When the Centers for Medicare & Medicaid Services introduced its Hospital Compare quality rating system earlier this year, it drew some praise from consumers and considerable skepticism from the provider community.
Hospital leaders were particularly unhappy with the scores; nearly 40 percent of hospitals received just three out of five stars, and many said that teaching facilities were being unfairly compared to community hospitals that treat lower-risk patients. Another gripe was that hospitals that treated patients in a lower socioeconomic band were also less likely to fare well against facilities that treated wealthier patients.
Now an opinion piece in the Journal of the American Medical Association looks at that rating system, points out flaws and makes some recommendations to make it more valuable.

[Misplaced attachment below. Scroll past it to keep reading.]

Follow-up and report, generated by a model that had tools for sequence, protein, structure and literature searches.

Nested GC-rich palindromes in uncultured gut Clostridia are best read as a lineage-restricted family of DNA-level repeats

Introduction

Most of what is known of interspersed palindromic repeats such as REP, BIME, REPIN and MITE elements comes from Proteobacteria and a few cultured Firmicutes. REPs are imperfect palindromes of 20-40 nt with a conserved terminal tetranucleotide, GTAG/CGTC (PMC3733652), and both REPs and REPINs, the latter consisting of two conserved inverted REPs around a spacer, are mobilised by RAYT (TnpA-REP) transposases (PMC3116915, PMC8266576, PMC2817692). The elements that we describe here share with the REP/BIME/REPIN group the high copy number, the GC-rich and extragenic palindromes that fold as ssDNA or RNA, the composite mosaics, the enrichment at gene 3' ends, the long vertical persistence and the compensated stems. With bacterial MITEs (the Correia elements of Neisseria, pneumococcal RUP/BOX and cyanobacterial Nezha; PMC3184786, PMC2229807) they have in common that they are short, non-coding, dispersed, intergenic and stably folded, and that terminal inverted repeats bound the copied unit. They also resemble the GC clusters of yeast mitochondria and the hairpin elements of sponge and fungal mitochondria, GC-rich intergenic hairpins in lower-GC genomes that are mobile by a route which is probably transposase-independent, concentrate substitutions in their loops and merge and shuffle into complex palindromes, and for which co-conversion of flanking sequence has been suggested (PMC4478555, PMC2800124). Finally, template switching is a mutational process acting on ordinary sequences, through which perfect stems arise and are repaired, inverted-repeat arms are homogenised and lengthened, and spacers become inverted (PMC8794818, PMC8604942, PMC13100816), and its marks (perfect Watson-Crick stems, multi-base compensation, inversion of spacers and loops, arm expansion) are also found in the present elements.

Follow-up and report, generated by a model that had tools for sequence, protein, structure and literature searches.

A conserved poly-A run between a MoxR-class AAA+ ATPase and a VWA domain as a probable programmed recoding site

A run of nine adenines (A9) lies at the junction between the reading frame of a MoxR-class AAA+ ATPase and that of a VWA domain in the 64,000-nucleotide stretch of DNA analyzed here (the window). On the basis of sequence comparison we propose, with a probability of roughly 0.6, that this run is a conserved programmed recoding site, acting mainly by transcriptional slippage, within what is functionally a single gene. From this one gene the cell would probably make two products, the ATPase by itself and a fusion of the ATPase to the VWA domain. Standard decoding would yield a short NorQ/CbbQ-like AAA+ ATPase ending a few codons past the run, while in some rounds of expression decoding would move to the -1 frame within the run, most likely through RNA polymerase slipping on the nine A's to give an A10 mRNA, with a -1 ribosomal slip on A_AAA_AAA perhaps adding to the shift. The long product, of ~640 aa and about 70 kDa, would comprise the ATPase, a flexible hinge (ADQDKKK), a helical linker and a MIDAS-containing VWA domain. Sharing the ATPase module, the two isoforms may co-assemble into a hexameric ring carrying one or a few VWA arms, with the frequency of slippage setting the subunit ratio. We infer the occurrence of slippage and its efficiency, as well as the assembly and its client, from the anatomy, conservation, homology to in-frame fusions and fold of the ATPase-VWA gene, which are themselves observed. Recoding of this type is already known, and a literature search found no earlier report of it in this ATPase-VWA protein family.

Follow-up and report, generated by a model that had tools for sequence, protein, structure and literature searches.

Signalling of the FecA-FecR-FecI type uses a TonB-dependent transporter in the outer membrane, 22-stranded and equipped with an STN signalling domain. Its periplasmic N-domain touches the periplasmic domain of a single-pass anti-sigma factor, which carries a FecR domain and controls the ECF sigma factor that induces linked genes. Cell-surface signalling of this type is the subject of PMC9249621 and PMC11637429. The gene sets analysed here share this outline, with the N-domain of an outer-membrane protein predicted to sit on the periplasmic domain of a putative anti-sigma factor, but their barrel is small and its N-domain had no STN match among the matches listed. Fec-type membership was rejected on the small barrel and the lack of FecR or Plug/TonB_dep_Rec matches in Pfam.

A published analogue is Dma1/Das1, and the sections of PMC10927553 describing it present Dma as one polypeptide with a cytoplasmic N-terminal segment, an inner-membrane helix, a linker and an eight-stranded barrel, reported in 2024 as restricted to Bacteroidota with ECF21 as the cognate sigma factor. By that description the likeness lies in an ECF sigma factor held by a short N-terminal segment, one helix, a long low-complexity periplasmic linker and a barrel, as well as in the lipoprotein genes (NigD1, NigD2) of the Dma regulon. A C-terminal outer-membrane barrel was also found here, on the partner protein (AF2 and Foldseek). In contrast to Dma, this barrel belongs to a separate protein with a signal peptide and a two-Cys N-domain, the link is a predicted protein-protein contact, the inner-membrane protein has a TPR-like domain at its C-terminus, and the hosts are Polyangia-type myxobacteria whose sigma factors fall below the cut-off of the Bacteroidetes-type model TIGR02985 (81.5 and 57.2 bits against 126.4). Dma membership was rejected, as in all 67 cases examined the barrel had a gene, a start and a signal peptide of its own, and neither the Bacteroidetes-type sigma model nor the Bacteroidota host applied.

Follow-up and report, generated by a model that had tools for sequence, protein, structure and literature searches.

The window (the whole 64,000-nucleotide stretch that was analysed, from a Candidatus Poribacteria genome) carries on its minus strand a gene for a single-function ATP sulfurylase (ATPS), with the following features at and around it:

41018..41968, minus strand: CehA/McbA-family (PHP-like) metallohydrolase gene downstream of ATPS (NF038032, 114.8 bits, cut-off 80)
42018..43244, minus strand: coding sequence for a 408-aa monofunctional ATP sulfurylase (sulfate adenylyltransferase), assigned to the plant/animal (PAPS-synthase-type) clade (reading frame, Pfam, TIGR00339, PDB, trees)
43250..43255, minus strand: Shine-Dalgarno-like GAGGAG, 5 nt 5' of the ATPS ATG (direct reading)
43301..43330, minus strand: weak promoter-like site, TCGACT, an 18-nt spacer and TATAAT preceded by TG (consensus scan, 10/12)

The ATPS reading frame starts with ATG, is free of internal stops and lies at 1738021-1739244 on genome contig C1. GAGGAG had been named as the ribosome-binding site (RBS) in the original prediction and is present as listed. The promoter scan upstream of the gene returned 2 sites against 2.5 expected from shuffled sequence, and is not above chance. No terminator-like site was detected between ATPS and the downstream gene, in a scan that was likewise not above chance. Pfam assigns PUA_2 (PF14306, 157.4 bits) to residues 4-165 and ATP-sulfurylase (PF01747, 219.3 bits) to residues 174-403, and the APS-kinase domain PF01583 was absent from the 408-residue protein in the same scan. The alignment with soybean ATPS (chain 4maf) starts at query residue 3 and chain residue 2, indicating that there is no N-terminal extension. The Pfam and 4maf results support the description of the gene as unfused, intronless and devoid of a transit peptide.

“Hospital ratings systems offer conflicting information, as they rarely agree on which hospitals are top performers and which are poor performers,” noted the article, which was authored by researchers from the Northwestern University School of Medicine. It later noted that “the conditions and procedures covered in most of these measures reflect only a fraction of inpatient care. There are no measures for most elective surgeries,and the medical conditions highlighted, such as acute myocardial infarction, pneumonia, and congestive heart failure, make up less than 15 percent of hospital admissions and are among the least likely measures for which patients may compare hospitals, given the urgency of these conditions.”
As a result, the authors concluded that quality improvement planning efforts should not focus unduly on the ratings.
The researchers make some suggestions on how to improve on the rating system, including focusing on a smaller set of more relevant data, including mortality rates, serious complications and patient-reported outcomes. The study also suggested using clinical registries for gathering data, but noted that relatively few hospitals participate in them.